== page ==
U.S. Customs and Border Protection (CBP) officers recently seized more than $77,000 worth of clothing bearing unauthorized designer brand logos at Washington Dulles International Airport.
CBP officers seized more than 100 pieces of clothing bearing 25 designer brand names on Oct. 28, that if authentic, would have been valued at a manufacturer’s suggested retail price (MSRP) of $77,034. This seizure actually started with a routine baggage examination on Oct. 7, when CBP agriculture specialists inspected a traveler from Cameroon and discovered food products in his baggage. They also discovered what appeared to be counterfeit designer brand named clothing in his four checked bags.
CBP agriculture specialists notified CBP officers who inventoried the clothing, with brand names and logos from AWGE, Bottega, Eden Park, Gucci, Kappa, Palm Angels, Prada, Versace and many others. Officers also discovered two pairs of shoes bearing Yeezy and Adidas brand names.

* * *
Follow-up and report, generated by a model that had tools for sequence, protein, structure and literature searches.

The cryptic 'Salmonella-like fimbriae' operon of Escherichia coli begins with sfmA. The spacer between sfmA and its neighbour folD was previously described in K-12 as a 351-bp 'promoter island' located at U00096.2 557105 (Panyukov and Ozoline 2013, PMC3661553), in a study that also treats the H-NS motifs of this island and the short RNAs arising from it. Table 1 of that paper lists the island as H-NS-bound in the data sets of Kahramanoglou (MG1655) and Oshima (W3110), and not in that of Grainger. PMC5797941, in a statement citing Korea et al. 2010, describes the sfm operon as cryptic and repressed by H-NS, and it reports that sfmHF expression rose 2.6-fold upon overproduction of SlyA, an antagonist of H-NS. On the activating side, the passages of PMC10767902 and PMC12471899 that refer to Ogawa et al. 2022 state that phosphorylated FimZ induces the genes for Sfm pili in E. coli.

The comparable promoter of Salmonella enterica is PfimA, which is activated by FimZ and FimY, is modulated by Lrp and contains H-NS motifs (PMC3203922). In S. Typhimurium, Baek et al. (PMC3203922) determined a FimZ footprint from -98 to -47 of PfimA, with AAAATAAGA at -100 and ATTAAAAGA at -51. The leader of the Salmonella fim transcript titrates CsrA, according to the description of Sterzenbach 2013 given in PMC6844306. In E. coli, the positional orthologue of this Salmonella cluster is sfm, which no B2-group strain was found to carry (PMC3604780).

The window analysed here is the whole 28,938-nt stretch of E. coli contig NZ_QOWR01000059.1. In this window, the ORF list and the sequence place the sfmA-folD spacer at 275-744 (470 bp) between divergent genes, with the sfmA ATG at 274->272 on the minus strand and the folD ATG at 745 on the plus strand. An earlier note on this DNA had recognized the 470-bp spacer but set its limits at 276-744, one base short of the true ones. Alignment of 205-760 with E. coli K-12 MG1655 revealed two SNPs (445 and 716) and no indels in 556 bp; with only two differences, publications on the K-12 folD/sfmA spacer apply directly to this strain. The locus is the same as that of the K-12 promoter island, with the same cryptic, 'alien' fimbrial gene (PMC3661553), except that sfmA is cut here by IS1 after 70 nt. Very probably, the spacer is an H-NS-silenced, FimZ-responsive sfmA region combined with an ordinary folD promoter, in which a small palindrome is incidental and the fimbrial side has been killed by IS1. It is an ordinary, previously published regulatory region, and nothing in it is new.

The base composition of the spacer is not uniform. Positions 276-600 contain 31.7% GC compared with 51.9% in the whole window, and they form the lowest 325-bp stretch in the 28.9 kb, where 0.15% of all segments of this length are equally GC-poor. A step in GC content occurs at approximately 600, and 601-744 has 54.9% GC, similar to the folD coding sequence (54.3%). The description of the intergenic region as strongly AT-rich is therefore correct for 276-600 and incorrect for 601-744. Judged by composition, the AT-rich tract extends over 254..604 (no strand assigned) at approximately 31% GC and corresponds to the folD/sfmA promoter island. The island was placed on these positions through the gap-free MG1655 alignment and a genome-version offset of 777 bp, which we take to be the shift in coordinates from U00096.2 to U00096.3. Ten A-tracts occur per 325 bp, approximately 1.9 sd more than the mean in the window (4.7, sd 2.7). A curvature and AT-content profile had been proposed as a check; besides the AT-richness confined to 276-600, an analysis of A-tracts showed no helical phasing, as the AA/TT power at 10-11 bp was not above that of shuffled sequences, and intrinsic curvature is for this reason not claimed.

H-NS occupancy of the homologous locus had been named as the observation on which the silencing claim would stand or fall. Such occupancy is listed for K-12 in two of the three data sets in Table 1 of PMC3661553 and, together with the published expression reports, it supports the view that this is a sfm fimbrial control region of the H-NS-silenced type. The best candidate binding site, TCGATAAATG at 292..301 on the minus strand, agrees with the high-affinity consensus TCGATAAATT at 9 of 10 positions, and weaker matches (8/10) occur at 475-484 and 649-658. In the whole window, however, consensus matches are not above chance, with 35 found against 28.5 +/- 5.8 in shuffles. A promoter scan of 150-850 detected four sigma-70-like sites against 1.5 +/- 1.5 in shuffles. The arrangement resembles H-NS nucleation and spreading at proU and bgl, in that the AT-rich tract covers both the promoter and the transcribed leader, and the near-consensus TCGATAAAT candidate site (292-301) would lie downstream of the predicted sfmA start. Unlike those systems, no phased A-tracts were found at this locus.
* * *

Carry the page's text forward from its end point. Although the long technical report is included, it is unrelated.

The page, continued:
CBP officers detained the clothing and released the traveler. CBP officers submitted photos and documentation to Customs’ Centers of Excellence and Expertise, which are the agency’s trade experts, who determined that the clothing were counterfeit. CBP officers then seized the counterfeit clothing.
CBP is withholding the traveler’s name because he has not been criminally charged. An investigation continues.
“We are approaching the holiday shopping season and Customs and Border Protection encourages travelers to exercise caveat emptor, or buyer beware, when considering purchasing counterfeit consumer goods overseas as gifts for family and friends,” said Kim Der-Yeghiayan, acting area port director for Washington, D.C. “Counterfeit and pirated goods are illegal and they pose a real health and safety threat to consumers, so we encourage consumers to buy authentic products from reputable vendors.”
CBP protects businesses and consumers every day through an aggressive Intellectual Property Rights (IPR) enforcement program. During fiscal year 2021, CBP and Homeland Security Investigation (HSI) seized more than 27,000 shipments containing goods that violated IPR. The total estimated MSRP of the seized goods, had they been genuine, was $3.3 billion. Moreover, HSI special agents arrested 388 individuals during 2021, obtained 155 indictments and received 100 convictions related to intellectual property crimes.